To The Australian In defending Shakespeare from narrow-minded critics, John Carroll has provided a convincing psychological explanation of the anti-cultural behaviour of post-humanist individuals and groups currently attacking the Western European civilisation and its canon ("The Bard's big Q & A", 3-4/11). However, he makes a great mistake in asserting that the very basis of that culture is non-existent. There has been no "death of God" and Christianity still prevails. Nor is it true that "belief in God" has given way to "belief in humanist ideals". As for the "universals of goodness, beauty and truth", these have their basis in the sacred order on which humanists like Carroll have, in error, turned their backs - as do the "absolute standards" he gestures towards.
Culture is not rooted in myth, as Carroll claims, but in a metaphysical reality that is approached through a faculty quite other than the logical reason: gnosis. His historical survey entirely omits reference to the writings of the great mystics such as Boehme and Eckhart. He also ignores the profound restorative work in metaphysics carried out by Rene Guenon, Ananda Coomaraswamy and their Perennialist school. It is from this blindness that he proceeds to unrealistic claims that "religion and politics are quite separate", that "politics does not belong in the classroom or the lecture hall”, that Western masterpieces are "apolitical" and "do not, collectively, point in any particular direction." They point to the Ultimate, and there is nothing to fear from political action wisely deployed!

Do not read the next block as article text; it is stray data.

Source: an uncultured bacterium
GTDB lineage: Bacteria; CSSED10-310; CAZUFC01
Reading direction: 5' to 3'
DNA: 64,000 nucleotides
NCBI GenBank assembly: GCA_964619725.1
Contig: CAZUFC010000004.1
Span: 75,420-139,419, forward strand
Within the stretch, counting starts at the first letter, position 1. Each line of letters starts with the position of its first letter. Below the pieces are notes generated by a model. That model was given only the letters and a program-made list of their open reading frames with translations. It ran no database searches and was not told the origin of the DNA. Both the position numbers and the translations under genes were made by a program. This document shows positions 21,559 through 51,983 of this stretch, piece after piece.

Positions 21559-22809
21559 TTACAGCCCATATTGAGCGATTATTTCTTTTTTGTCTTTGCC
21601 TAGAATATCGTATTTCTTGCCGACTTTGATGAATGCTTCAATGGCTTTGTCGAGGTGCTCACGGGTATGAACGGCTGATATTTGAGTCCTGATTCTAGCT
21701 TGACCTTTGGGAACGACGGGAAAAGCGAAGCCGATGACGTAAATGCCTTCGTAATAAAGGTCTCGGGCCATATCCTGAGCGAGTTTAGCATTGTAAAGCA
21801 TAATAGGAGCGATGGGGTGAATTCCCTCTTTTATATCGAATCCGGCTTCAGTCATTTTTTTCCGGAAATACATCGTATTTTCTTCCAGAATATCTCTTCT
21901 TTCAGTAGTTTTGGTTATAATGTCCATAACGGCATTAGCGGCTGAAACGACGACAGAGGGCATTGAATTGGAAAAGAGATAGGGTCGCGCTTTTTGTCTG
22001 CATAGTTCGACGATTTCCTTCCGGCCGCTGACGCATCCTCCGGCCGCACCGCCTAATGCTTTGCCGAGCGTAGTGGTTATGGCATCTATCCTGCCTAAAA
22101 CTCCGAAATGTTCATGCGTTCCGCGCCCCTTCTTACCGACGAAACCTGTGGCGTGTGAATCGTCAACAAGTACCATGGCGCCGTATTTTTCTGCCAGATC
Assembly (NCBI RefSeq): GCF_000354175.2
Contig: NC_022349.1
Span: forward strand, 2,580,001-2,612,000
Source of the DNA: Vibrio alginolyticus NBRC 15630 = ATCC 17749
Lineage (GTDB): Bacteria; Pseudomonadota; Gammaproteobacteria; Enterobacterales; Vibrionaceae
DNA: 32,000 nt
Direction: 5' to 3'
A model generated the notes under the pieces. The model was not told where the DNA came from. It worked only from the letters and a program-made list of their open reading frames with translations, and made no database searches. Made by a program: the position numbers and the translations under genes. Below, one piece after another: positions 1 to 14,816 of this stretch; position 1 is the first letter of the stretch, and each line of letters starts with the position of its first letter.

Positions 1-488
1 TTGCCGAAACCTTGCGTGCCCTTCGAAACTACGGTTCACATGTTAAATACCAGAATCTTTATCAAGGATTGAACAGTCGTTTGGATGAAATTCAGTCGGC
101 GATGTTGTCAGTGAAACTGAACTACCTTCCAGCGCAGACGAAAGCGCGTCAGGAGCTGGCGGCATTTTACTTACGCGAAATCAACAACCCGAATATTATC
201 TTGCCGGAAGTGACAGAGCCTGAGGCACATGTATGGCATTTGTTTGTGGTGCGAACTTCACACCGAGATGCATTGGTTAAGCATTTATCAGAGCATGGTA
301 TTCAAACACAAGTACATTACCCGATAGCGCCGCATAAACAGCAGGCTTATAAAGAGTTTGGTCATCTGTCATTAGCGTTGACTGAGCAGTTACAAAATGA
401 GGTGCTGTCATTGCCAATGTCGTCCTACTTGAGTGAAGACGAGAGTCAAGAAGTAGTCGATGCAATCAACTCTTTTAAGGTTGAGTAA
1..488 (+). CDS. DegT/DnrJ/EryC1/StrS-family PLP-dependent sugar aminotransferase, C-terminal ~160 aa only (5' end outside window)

Nigel Jackson, Belgrave, Vic